(Chosen because of the paper on Amazons.)
The organizing theme of the session is to examine topics that occur across cultures, or where different cultural perspectives may provide insight.
The Amazons in Medieval Arab and Western Travel Accounts - Sally Abed, Alexandria University
(This presenter has requested that their material not be shared on social media, alas. The topic is a comparison of the depiction of “Amazon tribes” in different literary traditions, rather than the depiction of individual “Amazonian women-warrrior” types, for which see, e.g., Kruk 1998.)
Metafictional Romance in the Medieval Orient and Occident - Padmini Sukumaran, Kean University
Presents the 1001 Nights as the example from the Orient. In addition to being central to the framing story, Scheherazade inserts herself into the narrative through the characters of the genies, as well as shaping the meta-narrative by the introduction of stories of happy romance, or of the betrayal of trust and unjust murders (her own framing story). Several embedded stories are analyzed for structure and how they contribute to Scheherazade’s overall purpose of manipulating her murderous husband’s attitude.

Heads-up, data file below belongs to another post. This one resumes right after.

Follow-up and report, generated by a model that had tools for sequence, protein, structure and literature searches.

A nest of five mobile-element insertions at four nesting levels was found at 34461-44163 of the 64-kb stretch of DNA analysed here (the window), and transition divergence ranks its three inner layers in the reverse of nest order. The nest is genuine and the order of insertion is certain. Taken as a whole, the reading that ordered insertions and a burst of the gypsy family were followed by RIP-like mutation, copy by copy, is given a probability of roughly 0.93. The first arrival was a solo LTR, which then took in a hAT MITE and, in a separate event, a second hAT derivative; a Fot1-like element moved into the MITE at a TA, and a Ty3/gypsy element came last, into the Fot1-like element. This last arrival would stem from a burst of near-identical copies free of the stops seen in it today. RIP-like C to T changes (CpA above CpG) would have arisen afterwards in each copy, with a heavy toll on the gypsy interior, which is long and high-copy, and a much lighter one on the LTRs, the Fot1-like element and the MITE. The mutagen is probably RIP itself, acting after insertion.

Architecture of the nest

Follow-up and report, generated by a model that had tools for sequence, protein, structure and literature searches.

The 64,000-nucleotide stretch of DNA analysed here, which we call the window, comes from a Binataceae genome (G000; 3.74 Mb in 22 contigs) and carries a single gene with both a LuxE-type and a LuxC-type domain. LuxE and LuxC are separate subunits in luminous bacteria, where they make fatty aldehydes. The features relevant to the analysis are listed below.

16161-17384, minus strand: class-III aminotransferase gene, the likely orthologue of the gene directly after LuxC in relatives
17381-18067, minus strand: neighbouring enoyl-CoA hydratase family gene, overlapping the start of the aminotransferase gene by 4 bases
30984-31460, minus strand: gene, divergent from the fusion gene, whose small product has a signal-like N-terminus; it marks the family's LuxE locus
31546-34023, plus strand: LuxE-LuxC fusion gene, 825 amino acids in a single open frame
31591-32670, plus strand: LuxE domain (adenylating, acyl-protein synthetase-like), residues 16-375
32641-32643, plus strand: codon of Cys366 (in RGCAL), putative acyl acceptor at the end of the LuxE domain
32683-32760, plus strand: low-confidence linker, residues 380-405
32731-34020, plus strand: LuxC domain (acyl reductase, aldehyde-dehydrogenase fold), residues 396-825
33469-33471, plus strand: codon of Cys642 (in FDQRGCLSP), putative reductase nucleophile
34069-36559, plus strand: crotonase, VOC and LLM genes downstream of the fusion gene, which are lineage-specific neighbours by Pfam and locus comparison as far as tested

The next metafiction presented is the Tale of Genji, focusing on discussions of types of women and how they are desirable, as well as the different ways in which they express themselves in love letters. Types of women are then compared to types of painting, and to types of calligraphy. These motifs are brought together later in a discussion of storytelling and the relationship of illustrated romances to fact and reality.
The Occident themes are brought in via Yonec, in which the lady’s imagination creates her reality via storytelling. This section is very brief. The paper doesn’t directly pull together the various examples, although I can see the structural parallels around the motif of storytelling within stories, and the ways that storytelling empowers the female characters to shape their own narratives.
From Constantinople to Castilla and Avalon: Intericonicity, Warrior Saints, and Epic Arete in the Christianization of Britain and Spain - Inti Yanes-Hernandez, Dexter Southfield
Looks at parallels between the role of the King Arthur myth in the Christianization of Britain, and El Cid as a symbol during the Reconquista of Spain, via Byzantine mythic prototypes. [Note: the themes are interesting, but I’m not following the details very well.]